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Monday, February 25, 2013

A Curious Contention

"In equilibrium, where, by definition, all values are consistent with each other, the use of money value as a unit of measurement is not necessarily an illegitimate procedure." -- Ludwig Lachmann, Capital and Its Structure, p. 2.

Lachmann does not offer further explanation of what he is thinking, at least at this point. Certainly, out of equilibrium, the price of capital goods will change. Furthermore, there will be disagreement about the price of various capital goods. So two entrepreneurs, or two economists, might not reach agreement about the amount of capital in a firm or in a nation. But as long as one recognizes this, so what? As Mises noted, this valuation problem is no different for land or labor: all three are valued for the future income streams they will produce, and out of equilibrium those are always uncertain.

If this is all Lachmann means, I agree with him, but I can't see why he calls using the estimated monetary NPV of a capital to "measure" it "illegitimate," rather than "plagued by uncertainty."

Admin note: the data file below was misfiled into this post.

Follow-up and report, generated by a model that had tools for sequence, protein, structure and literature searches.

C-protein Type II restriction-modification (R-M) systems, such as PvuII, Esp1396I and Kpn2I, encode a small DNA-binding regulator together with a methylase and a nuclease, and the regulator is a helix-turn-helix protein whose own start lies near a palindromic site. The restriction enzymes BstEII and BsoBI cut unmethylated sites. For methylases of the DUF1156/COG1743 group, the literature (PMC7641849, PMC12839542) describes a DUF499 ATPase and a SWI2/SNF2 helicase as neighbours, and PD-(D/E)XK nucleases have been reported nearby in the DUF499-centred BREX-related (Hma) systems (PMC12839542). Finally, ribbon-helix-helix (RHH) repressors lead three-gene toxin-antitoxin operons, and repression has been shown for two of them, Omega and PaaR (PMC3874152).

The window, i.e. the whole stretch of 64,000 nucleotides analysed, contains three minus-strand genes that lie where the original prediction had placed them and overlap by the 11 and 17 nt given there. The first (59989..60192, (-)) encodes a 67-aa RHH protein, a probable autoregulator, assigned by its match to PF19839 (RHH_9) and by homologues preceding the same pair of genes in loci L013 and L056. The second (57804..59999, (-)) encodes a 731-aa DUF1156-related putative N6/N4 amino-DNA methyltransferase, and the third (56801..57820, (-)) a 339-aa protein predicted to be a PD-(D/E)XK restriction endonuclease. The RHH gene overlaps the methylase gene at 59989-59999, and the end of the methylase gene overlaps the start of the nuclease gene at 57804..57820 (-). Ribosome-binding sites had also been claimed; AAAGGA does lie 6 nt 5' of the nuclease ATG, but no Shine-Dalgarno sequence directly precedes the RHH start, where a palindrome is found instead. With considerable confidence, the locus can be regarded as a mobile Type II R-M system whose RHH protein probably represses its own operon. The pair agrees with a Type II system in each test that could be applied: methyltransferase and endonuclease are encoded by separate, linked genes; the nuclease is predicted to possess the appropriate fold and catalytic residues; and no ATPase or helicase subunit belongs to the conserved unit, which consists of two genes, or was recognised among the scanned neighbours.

If he means something more, perhaps someone can fill me in on what that is.

3 comments:

  1. Maybe his point is quite simple: in equilibrium, prices are constant / not volatile. Outside of equilibrium, they are constantly adjusting to changes in people's ? Prices don't reflect any kind of "stable value" because new trades done at a different price will also affect our valuations, etc.

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  2. I think the idea is that in equilibrium money prices will equal the "utility" attached to each good.

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  3. Gentlemen, I don't disagree with your points, but I don't see why that makes a money measure out of equilibrium illegitimate, rather than inexact.

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